Time will tell if Jeff Hornacek‘s defense will continue to hold up, but the signs are good so far. They host the Nuggets and Pelicans this weekend and could face their toughest defensive test on Wednesday, when they visit the Blazers, who currently rank sixth offensively.
DefRtg: 94.8 (3rd)
Improvement: -11.9 (1st)
Of the three teams, it’s the Magic who have looked most legit, with wins over the Pelicans, Nets and Clippers by a total of 49 points.
Last season, the Magic defense was strong early in the season, but collapsed after Glen Davis got hurt. So the prospects of them being a decent defensive team while Davis was still recovering from foot surgery were not good. But here they are at No. 3 in the league, having held the Pelicans, Nets and Clippers under 90 points per 100 possessions.
Both Brooklyn and L.A. spoke about a lack of effort in their games in Orlando. The Nets were probably feeling themselves after last Friday’s win over the Heat, and the Clippers were maybe looking forward to their own game against the champs.
But Orlando’s defensive numbers are pretty darn impressive anyway. The Pelicans, Nets and Clippers scored a combined 89.5 points per 100 possessions against Orlando, compared to 108.0 in their other 12 games. L.A. currently ranks No. 1 in the league offensively.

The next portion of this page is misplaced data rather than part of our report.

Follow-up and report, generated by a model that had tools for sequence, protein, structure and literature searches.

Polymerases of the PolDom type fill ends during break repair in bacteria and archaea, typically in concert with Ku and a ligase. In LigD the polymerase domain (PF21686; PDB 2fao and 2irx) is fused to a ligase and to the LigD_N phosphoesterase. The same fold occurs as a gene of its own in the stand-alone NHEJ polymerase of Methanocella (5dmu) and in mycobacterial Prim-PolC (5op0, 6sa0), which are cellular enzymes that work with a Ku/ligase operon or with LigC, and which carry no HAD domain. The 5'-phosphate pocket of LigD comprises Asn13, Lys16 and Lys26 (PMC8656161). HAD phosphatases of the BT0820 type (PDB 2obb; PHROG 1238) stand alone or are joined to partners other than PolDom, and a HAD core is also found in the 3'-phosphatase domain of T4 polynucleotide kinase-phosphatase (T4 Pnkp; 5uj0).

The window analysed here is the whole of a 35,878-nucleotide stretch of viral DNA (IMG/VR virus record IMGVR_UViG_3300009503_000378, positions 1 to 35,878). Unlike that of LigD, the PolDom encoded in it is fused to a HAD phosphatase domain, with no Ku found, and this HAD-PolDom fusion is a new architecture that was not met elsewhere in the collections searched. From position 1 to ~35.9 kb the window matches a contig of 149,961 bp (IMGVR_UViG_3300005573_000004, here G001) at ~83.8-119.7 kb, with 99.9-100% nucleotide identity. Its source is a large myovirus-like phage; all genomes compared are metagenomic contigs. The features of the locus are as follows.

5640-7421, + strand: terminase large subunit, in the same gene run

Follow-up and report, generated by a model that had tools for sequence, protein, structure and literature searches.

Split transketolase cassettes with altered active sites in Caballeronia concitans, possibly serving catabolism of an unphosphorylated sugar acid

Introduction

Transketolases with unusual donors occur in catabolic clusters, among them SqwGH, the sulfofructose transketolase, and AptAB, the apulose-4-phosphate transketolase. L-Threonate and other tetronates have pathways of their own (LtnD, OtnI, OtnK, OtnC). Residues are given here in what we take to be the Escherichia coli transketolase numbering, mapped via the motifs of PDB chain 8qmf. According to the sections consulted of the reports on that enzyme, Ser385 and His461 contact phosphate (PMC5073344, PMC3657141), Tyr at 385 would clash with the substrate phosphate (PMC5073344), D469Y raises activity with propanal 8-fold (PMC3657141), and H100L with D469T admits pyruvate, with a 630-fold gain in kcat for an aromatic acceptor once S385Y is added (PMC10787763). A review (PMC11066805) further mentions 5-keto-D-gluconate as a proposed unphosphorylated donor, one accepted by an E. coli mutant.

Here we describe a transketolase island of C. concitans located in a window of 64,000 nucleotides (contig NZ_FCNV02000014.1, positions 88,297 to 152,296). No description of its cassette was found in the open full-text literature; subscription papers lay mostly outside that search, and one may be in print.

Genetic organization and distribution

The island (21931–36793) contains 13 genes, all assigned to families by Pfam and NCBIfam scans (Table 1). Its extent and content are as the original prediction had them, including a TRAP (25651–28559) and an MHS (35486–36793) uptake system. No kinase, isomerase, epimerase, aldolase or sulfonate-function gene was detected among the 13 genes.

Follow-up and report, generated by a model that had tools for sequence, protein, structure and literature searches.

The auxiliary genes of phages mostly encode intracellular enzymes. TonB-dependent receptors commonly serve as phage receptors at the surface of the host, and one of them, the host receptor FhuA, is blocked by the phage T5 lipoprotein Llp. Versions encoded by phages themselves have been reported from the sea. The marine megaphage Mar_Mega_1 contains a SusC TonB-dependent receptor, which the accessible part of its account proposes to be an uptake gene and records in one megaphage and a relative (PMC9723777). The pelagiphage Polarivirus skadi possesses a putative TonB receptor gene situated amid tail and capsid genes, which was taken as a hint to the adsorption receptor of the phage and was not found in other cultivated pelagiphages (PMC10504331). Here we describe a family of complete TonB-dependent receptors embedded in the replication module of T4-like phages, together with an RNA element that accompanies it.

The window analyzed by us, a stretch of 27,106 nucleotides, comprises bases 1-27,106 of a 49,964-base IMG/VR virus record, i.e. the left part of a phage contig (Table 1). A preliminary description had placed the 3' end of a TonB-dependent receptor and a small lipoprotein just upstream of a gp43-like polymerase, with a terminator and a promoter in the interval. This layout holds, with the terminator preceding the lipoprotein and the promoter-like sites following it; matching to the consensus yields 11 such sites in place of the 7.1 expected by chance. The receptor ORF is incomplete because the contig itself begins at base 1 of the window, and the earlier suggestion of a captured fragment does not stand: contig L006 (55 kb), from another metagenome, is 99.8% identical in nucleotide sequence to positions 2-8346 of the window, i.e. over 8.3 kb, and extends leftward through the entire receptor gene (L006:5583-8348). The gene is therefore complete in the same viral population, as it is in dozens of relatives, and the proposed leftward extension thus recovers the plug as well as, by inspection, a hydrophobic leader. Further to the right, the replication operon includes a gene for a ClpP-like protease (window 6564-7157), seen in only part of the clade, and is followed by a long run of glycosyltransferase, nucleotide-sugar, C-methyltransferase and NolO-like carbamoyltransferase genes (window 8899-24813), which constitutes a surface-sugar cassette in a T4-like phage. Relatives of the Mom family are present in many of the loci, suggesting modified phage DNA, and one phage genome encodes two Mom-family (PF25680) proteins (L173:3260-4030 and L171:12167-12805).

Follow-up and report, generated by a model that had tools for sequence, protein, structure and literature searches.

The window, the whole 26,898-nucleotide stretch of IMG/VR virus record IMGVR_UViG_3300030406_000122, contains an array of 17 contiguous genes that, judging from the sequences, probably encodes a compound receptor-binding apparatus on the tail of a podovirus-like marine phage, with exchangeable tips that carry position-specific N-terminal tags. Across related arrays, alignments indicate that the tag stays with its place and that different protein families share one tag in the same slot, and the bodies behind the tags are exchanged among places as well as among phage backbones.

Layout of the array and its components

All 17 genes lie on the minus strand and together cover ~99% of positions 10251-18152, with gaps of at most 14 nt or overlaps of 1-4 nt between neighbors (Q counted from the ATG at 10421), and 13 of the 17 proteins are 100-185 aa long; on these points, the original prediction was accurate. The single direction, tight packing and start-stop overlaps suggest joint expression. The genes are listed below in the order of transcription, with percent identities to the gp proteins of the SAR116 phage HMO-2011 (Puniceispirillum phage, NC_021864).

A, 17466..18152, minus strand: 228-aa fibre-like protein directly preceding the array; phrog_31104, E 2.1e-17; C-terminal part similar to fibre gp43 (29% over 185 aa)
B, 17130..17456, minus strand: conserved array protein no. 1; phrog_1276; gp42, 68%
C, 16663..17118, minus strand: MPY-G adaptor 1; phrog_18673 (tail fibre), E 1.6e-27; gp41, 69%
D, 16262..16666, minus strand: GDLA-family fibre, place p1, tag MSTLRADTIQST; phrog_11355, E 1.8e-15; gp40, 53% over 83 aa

Orlando opponents OffRtg
|Team||vs. ORL||Other games||Diff.|
OffRtg = Points scored per 100 possessions
The Magic are forcing 1.2 more turnovers per 100 possessions than they did last season, but the early improvement has been mostly about shot defense. And there’s multiple elements to that.
They’re defending the rim better, defending the 3-point line better, and allowing less of those high-efficiency shots. Only 48.1 percent of their opponents’ shots have come from the restricted area or from 3-point range, the second-lowest rate in the league. Last season, that number was 56.7 percent, the 14th lowest rate in the league.
The Magic had a multiple-prong game plan against the Clips, and it worked. First, they sagged deep on Chris Paul‘s pick-and-rolls.
Paul stepped into some easy elbow jumpers, but the sagging strategy prevented him from getting past the Magic big men and really compromising the Orlando D.
Second, they dared Blake Griffin to shoot from mid-range.
Griffin was 3-for-13 from outside the paint before that game, but shot an impressive 7-for-13 from mid-range on Wednesday. Still, he got just three shots at the rim.
Finally, the Magic cross-matched in the backcourt, assigning Jameer Nelson to defend his old teammate J.J. Redick. And Nelson did a fantastic job of running Redick off the 3-point line. Here are a couple of examples…
Redick is a great shooter from everywhere, but three is greater than two, so if you can force him into more mid-range shots than threes, you’re doing your job. On Wednesday, Redick was 1-for-5 from 3-point range and 3-for-8 from mid-range.
One more time: It’s early. But an ability to execute a defensive game plan against a great offensive team like that early in the season is a good sign for the Magic defense.